Surf's up -
There's been a lot of chatter for the last few months about what Apple's forthcoming tablet device will look like - and more importantly, what exactly it will or will not do.
All this speculation - and remember, it's all speculation - is kind of odd, because no one has publicly seen what's expected to come down the pike in early 2010, if the rumour mill on the release date is in the ballpark.
One common thread that seems to be emerging is that the tablet, which will be something more than an iPhone (or iTouch) and less than a Macbook, will be engineered to showcase newspapers and magazines, in no doubt stunning detail.
I haven't been at all surprised to read that Apple has, very quietly, been working with major publishers, including the New York Times.
I'm sure the tablet, whatever it will be called, will have a big impact - and not just Apple's version. The technology blogs have had plenty of juice over the last few weeks about Microsoft's competing product, which so far is known as Courier.
Leaked images and details show it is not so much a tablet as a book-like device that closes on itself, featuring two work areas. As the ultra-influential blog Gizmodo put it, "Maybe we've all been dreaming about the wrong device."
Since the advent of Amazon's Kindle, which is still restricted from sale in Canada for copyright and other reasons, there's been a sense that e-books, tablets, or whatever you want to call them, may dramatically change how we read periodicals.
The timing could not come at a better time for the newspaper and magazine industry, which was slumping for years before last year's economic meltdown, and has been in seeming freefall for at least a year.
The possibilities of a new distribution are considerable, not the least of which is the ability to sell advertisers on a marketing capability that could be as interactive as the web.
Tablet technology - which is being touted as prominent titles like Gourmet magazine are folding - might be just what the doctor ordered.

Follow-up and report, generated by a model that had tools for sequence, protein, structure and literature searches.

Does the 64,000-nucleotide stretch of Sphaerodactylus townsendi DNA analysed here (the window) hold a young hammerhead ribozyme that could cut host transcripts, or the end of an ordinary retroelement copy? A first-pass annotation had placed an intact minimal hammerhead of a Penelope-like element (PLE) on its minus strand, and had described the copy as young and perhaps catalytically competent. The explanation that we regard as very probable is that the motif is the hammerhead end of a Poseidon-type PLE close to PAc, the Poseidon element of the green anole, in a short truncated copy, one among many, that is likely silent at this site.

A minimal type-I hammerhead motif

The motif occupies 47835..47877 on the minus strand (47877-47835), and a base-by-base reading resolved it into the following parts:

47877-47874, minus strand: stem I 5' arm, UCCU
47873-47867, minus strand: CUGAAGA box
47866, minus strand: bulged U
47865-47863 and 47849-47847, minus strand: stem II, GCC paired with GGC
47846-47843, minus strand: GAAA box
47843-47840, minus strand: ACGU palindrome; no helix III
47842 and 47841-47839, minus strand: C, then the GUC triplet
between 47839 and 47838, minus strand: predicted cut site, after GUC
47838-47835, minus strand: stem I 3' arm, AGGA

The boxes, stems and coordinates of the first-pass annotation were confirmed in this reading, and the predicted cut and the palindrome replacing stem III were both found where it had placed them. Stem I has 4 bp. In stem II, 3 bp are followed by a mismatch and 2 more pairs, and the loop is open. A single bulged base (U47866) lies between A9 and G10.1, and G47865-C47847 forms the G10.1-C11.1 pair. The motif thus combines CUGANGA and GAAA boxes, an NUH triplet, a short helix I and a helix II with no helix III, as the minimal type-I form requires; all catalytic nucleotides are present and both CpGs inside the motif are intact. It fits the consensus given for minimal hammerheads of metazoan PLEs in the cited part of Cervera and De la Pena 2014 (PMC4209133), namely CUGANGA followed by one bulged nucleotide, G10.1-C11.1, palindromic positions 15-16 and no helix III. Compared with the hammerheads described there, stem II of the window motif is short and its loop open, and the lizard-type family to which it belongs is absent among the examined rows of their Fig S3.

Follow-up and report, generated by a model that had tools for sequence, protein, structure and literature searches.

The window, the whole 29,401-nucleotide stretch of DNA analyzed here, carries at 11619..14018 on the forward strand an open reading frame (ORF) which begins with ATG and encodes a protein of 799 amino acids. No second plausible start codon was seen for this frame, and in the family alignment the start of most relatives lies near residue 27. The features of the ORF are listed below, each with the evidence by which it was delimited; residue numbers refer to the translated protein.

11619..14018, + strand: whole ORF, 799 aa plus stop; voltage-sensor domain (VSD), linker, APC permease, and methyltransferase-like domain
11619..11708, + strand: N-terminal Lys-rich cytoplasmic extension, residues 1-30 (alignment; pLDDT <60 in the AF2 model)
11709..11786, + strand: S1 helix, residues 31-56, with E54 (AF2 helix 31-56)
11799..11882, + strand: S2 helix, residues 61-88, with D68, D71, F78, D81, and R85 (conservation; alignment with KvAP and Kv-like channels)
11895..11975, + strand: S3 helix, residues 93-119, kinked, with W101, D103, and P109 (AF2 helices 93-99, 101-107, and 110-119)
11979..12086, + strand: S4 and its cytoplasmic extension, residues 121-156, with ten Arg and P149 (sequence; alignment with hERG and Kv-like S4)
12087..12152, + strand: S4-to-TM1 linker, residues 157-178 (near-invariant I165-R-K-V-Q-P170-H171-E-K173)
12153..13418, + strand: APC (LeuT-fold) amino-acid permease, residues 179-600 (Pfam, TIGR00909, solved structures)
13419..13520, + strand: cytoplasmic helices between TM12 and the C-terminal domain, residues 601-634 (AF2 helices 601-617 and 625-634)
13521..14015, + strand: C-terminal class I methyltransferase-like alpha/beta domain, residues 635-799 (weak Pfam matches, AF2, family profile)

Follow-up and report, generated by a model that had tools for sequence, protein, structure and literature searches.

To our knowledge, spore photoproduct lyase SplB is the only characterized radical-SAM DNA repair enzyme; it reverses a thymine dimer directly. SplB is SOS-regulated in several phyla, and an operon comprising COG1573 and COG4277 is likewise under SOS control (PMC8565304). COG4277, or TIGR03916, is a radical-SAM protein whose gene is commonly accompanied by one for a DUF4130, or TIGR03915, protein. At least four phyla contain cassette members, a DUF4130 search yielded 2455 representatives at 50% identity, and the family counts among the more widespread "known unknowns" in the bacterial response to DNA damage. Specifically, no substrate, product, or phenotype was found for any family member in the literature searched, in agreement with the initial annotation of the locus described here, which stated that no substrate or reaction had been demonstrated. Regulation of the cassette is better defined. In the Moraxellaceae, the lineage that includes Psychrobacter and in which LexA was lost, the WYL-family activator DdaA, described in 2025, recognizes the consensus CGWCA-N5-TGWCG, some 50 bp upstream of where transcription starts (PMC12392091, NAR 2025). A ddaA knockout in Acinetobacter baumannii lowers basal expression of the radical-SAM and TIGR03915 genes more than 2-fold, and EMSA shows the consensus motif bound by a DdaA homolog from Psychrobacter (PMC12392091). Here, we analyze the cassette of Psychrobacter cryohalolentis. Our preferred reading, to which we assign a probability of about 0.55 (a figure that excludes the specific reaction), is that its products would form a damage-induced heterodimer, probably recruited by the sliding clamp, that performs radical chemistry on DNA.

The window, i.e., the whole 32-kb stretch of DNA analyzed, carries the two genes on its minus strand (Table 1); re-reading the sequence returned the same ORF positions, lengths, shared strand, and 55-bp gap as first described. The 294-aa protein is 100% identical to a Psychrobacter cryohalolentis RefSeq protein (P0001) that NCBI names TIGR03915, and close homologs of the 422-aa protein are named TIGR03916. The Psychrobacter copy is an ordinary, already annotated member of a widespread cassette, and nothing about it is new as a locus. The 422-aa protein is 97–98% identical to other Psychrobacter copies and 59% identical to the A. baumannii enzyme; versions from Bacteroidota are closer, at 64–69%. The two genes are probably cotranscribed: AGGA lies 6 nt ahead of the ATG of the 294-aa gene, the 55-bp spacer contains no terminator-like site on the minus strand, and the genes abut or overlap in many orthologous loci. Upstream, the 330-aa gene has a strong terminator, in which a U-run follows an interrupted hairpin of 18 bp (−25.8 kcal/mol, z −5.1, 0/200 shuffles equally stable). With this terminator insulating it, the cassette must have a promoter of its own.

Elsewhere this week
(The Customer Is) Not Always Right
First things first: the folks at this blog do not believe in poor customer service. They do believe, though, in giving people who have toiled in the retail trenches the platform to vent about what they've seen and especially heard.
Like "Overheard in New" and many other variations, you'll find one painful (but often funny) conversation after another.
Hit the "popular" tab to see ones that have most resonated with other readers, and the "random" tab to see any old chestnut that's been collected to date.
With Halloween around the corner, set the tone with one of the most wonderfully creepy bits of writing of all time: Edgar Allan Poe's "The Raven." Get ready for your own once upon a midnight dreary with this version; if you don't want to read it aloud, click on the link to have it read for you. (Turning off the lights might help!)
Want to play divide and conquer with a bunch of balls? Actually, it's more a game of just dividing, and it's not so much a game at all ... but you will likely be amused as you see how this Flash-based attraction works.
Move your mouse over four circles, and watch them divide, and then divide again, at least as long as your cursor is in place.
The circles, or balls, get progressively smaller; I counted them down to 1/128th of the original size, but I stand to be corrected.
Look also for some other games on the left-hand side, including a photo-tag guessing game that is pretty challenging.
John Gushue is a writer in St. John's. Blog: johngushue.typepad.com. Twitter: twitter.com/JohnGushue.